One question. How to you measure back waist length? From where to where on the body? Sitting or standing? I’ve tried to take measurements for drafting or altering trouser patterns often, but I come out with different values for this measurement every time!

Thanks again, Penny

Hi Penny, you can read my post on how to take body measurements (the link is in this post). The back waist length is to be taken from the waist to the chair if you are sitting. I hope this helps

I have been making jeans for a year or more now. And have made my patterns from existing pants. I really wish I could understand how you do this. I am much more of a visual person do you have a video of this tutorial? Or know where I can find?

Hi Eric, I’m afraid the 2D pattern drafting is all about drawings and calculations and less about videos. You really need to take on each step carrefully in order to avoid errors. It might seem painful but is is worth doing it

i was in desperate need of this thank u cant wait to try it out,will give my feedback

You are very welcome

Dear, It was very helpful,very simple I am new for swing I was trying some other and not understand how to make crotch or I mean not understand the measurement specially they put front with back but you make it separate.

Best regards,

Makram

I was desperately looking for this .Thanks a lot .I think this will come out brilliantly

One suggestion – How to take measurement also could be included .Also it may be better if drafting of back and front is shown severalty for new comers

Hi

after cutting as per your measurements the hip size is showing smaller and waist too big

could you give an example with measurements

Hi

as per your measurements the hip size is showing smaller and waist too big

Hi Sofy Mohan, what measurements did you exactly insert and what values did you obtain for hips and waist?

Thanks for your advice through the pattern of trousers.

Thank you for this! It makes patternmaking look very easy.

However, there is one thing that I do not understand: the corner of the waistseam and the centerback seam is not an 90 degrees angle. So, when sewn together, the waistline will not be a straight line but it will be a bit pointy. Is that how it should be?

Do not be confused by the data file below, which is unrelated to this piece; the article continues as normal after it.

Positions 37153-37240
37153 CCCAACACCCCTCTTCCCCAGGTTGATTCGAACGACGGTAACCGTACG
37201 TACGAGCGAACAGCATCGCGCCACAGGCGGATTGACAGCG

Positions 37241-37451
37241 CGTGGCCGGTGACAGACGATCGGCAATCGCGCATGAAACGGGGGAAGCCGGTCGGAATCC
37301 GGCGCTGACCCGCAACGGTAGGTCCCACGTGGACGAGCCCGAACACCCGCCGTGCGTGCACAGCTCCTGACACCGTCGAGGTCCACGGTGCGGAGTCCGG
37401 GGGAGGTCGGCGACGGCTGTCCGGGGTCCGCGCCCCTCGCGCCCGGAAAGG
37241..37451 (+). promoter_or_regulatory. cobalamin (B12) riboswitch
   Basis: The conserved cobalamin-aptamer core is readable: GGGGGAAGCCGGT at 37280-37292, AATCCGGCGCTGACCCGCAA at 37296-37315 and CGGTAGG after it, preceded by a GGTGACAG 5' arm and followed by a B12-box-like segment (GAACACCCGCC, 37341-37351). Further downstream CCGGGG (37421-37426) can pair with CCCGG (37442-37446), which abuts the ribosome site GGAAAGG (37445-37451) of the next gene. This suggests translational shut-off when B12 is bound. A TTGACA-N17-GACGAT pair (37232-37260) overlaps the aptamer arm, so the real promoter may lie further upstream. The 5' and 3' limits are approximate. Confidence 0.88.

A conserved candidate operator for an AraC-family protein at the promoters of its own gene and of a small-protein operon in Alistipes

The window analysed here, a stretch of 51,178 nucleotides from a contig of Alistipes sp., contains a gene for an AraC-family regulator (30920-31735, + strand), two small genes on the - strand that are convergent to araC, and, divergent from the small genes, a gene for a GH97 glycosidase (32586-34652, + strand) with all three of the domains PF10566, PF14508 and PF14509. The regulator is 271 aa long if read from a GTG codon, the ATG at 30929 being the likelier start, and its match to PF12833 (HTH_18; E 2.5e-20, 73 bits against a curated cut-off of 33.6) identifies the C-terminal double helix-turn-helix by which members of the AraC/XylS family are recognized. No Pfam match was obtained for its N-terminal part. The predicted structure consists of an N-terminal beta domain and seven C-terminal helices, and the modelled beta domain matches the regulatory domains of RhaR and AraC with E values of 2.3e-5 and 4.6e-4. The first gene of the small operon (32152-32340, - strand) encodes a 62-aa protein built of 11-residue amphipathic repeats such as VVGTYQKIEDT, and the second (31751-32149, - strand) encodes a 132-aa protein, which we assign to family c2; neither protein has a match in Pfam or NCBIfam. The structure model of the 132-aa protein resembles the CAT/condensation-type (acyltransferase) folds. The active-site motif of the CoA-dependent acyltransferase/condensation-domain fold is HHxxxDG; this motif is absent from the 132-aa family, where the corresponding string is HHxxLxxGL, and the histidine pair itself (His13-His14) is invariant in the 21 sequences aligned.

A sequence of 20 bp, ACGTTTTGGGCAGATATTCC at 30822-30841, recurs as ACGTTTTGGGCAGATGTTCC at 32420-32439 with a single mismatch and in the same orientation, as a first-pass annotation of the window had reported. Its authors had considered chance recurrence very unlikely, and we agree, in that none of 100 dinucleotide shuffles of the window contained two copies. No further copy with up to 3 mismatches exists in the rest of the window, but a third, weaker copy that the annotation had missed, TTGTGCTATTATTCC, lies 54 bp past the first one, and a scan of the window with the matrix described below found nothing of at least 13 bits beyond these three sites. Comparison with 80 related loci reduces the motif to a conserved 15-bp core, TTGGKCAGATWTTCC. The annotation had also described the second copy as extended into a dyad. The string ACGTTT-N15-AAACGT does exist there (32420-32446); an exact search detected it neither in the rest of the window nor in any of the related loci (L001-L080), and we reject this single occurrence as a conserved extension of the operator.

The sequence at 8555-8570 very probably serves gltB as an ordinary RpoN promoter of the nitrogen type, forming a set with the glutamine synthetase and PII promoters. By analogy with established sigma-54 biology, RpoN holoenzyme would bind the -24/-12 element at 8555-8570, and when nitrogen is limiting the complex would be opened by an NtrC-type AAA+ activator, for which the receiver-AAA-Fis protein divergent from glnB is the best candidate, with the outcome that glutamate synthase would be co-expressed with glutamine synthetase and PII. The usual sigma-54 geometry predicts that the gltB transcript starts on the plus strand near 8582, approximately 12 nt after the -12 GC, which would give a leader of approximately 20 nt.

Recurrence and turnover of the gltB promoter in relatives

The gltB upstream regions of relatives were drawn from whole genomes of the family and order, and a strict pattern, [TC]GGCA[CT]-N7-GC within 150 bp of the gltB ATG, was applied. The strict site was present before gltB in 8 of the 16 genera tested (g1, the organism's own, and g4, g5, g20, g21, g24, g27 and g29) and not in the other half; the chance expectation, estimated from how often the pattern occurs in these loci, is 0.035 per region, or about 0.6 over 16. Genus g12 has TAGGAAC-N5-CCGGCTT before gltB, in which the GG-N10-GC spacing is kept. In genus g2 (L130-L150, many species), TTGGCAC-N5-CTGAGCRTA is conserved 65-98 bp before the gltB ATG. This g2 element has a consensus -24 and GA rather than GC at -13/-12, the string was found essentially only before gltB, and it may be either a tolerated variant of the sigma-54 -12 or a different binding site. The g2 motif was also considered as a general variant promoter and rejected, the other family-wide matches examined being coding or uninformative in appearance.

(sorry for my poor English, I am not a native…)

Hi Joanna, if you refer to point T, indeed there is no 90 degrees angle. However, knowing that TR is not exactly parrallel to the grain line, when you sew together the 2 legs, the fabric stretches a little bit and ST becomes a curve rather than a pointy angle.

I’m confuse of how to measure the height of the hips and the back waist lenght

if you click on the link in the article, you might find the answer

Thank u for this tutorial. It is very useful can’t wait to give a try.

This is so clear, so detailed and so meticulous! Thank you…I am new to sewing (and maybe too old to pick up things quickly ), but this is crystal clear.I am now encouraged to try making pants. One small question…if one does not have a flat stomach is there a way to accommodate the belly?

Hi Janaki and thank you for your message, of course there are ways to accomodate the belly 🙂 but please make a test pants before cutting into the final fabric as pants are always experimental: instead of drawing AE line parallel to center front (M line), you need to draw it slantwise in order to get a larger AB

Im not sure how to sew the crotch area ):

Thanks for your tutorial Janaki. I wanted to know how you divide GH on both sides of the crease in Fig 3. They are not equally divided. Is it the same as AM:BM?

Hi Afia, actually you divide IJ equally and then you draw the perpendiculat till AB

Very straightforward. D pictorial illustration helps a lot. Thank u so much

Thanks for your excellent drafting tutorial.

Does UV and WZ measure equal on either side of crease line? Compared with GH and IJ, it doesn’t appear proportionate. Could you please clarify this.

Nevertheless,Thanks for this draft!

UV could be not equal to WZ as knee and ankle circumference could not be the same

Hi Janaki, what type of french curve do you need for this pattern? I have been looking around, but there seems to be many different shapes.

Many thanks, Jayne